While the number of data breach litigations is on the rise, CPW has been tracking another trend—dismissal of inadequate data breach complaints. For the latest and greatest in this area of the law, read on below. Darnell v. Order Wyndham Capital Mortg., 2021 U.S. Dist. LEXIS 55490 (W.D.N.C. Mar. 24, 2021).
Defendant Wyndham is a nationwide mortgage provider incorporated in North Carolina. Plaintiff allegedly applied for and received a home loan from Defendant in January of 2020. Shortly thereafter Defendant allegedly “sold” Plaintiff’s mortgage loan to another company. Several months later, in October 2020, Defendant sent multiple “Notice of Data Incident” disclosures to regulators. The first notice provided:
This correspondence is to notify you of [a] potential security issue caused by a recent single occurrence of user error. On September 18, 2020, an email containing personal information was sent in error to an email account not belonging to [Defendant]. [Defendant] has no evidence that this email was opened or that the information has been used. . . ..
A second notice was one week later, which additionally disclosed a phishing scam “which allowed access to [the email account of one of Defendant’s employees] for a limited period of time.” The second notice additionally provided that “[Defendant] has put additional protections in place to keep this from happening again, has provided additional training to employees, and continues to strengthen system controls and monitoring.”
In the wake of these disclosures, Plaintiff filed a putative class action lawsuit against defendant, asserting claims for (1) negligence; (2) violating Florida’s Unfair and Deceptive Trade Practices Act; (3) unjust enrichment; (4) breach of implied contract; (5) breach of confidence; and (6), seeks a declaratory judgment that Defendant’s data security protocols are insufficient as a matter of law.
Plaintiff alleged that, once he was made aware of the data incidents, he began to monitor his financial accounts and suffered from “great anxiety.” Plaintiff alleged the following injuries: “(a) damages to and diminution in the value of his [personally identifiable information]—a form of intangible property that the Plaintiff entrusted to [Defendant] as a condition of his employment; (b) loss of his privacy; and (c) imminent and impending injury arising from the increased risk of fraud and identity theft.”
Defendant moved to dismiss both for lack of standing and for failure to state a claim. The Court agreed with Defendant that Plaintiff lacked Article III standing, which meant the Court lacked subject matter jurisdiction to hear the case.
In regards to Plaintiff’s first “injury”—in the form of “damages to and diminution in the value of his PII”—the Court observed “[i]t is not clear from the Complaint exactly how the exposure of Plaintiff’s PII has damaged or diminished its value.” However, the Court assumed “Plaintiff is prevented from realizing the full extent of his PII’s value if it has been potentially exposed to cyber criminals.” Even with this assumption, however, this purported harm was inadequate for purposes of establishing Plaintiff’s standing. This was because, the Court explained, “the exposure of PII, without more, is sufficient to confer Article III standing.”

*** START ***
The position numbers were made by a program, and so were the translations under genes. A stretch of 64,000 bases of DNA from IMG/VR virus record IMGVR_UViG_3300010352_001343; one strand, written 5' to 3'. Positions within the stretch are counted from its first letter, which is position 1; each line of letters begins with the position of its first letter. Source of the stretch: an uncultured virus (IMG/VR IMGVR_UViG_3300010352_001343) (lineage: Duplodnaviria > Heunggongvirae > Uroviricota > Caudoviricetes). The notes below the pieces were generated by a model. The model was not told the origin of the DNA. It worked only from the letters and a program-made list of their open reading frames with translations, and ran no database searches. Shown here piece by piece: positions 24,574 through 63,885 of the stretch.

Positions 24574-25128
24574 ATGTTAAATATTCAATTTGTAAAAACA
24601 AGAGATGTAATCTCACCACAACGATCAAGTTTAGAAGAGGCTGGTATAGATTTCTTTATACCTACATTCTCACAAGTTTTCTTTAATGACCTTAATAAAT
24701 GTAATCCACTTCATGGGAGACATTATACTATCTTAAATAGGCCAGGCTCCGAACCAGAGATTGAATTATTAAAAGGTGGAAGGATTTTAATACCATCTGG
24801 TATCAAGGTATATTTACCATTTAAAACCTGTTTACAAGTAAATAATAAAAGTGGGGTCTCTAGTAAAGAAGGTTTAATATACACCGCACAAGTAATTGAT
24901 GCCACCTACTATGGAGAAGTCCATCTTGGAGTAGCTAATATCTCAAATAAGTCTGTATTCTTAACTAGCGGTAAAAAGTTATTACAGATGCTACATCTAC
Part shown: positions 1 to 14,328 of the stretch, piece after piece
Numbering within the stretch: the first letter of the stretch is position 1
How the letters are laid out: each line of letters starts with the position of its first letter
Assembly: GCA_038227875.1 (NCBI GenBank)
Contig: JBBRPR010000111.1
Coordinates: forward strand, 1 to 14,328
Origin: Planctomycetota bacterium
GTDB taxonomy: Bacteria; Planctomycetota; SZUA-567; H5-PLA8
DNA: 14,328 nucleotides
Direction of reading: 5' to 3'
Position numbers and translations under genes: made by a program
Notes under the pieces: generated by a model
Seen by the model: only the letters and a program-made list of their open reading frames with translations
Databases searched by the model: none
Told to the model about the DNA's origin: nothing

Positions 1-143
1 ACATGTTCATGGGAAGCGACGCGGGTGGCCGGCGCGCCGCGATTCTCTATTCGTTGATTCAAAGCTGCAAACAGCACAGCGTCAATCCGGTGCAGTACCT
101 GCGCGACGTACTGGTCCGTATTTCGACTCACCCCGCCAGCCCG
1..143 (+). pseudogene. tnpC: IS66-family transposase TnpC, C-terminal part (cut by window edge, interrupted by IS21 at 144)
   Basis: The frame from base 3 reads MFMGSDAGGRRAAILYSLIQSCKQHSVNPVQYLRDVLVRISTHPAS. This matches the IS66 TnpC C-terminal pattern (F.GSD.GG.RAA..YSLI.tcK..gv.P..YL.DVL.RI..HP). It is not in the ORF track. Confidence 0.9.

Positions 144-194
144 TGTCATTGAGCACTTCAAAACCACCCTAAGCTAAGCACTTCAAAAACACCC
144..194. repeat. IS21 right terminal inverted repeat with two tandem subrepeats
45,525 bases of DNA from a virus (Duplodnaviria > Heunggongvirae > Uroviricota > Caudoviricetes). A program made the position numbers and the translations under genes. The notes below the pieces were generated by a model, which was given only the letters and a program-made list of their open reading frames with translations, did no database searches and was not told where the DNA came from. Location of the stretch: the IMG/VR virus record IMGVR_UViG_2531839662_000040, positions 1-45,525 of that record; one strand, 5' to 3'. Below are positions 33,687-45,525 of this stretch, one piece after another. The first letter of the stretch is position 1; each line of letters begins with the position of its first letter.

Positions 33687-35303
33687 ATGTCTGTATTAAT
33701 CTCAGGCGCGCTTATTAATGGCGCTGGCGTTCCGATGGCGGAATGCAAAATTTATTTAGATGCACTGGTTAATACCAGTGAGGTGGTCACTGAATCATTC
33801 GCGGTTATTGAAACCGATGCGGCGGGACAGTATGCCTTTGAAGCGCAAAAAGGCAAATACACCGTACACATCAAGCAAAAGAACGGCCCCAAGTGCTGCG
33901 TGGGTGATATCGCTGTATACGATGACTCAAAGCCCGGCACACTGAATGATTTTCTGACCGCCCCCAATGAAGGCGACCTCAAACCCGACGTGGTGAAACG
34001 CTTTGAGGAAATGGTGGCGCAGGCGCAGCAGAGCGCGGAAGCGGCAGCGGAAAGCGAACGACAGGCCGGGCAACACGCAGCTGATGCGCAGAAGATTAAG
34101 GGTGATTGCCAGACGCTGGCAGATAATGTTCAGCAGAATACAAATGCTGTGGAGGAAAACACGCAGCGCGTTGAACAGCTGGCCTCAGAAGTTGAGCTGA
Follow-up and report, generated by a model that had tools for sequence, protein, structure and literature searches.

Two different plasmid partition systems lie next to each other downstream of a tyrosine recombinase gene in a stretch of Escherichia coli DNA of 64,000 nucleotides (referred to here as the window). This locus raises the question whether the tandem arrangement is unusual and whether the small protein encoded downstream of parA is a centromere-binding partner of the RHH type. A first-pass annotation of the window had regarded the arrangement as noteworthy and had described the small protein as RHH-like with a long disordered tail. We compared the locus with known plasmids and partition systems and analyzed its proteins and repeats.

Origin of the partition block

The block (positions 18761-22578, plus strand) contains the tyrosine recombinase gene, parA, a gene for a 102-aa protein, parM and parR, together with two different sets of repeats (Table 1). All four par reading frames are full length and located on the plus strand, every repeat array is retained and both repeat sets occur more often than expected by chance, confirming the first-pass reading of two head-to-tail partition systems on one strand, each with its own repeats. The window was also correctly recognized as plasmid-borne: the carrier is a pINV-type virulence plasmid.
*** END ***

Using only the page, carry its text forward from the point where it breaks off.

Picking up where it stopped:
Plaintiff’s alleged loss of privacy fared no better. The Court held that “the factual allegations related to this asserted injury suffer from the same deficiencies . . . Plaintiff alleges nothing more than the ‘mere compromise’ of his PII and a resulting loss of privacy, which is too abstract of an injury to satisfy standing requirements.”
Plaintiff’s remaining allegations of injury were also insufficient. The Plaintiff asserted that “he has been injured because the exposure of his PII has left him with the ‘imminent and impending [risk] of fraud and identity theft.’” As a result of this speculative risk of future harm, Plaintiff also alleged that he “spent time routinely reviewing his credit monitoring service results and reports.” However, Plaintiff neither alleged actual misuse of his PII, nor alleged his PII was intentionally targeted. This omission was significant to the Court as “to the extent any injury or allegation is based on the accidental data breach, Plaintiff has not sufficiently alleged injury-in-fact.”
Insofar as the phishing data incident was concerned, Plaintiff’s allegations fared no better. The Court found that they were based on the same “attenuated chain of possibilities” that other courts had rejected as establishing standing. In order for Plaintiff’s allegations to pass muster, the Court would be required to assume that: “(1) the phishing attempt intentionally targeted the PII belonging to Defendant’s clients rather than other information potentially stored on Defendant’s servers; (2) the reactionary steps taken by Defendant in an effort to protect against the phishing attempt failed, and clients’ PII was taken by hackers; (3) Plaintiff’s PII was among the PII taken by the hackers; and (4), hackers have attempted or will attempt to use Plaintiff’s, as opposed to anyone else’s, PII to steal his identity.” This was several steps too far for the Court (as it probably is for many CPW readers).
Another day, another data breach litigation dismissed at the pleading stage. Whether Plaintiff will refile the litigation in state court (where satisfaction of Article III is not required) remains to be seen. Regardless of what happens, not to worry-CPW will be there.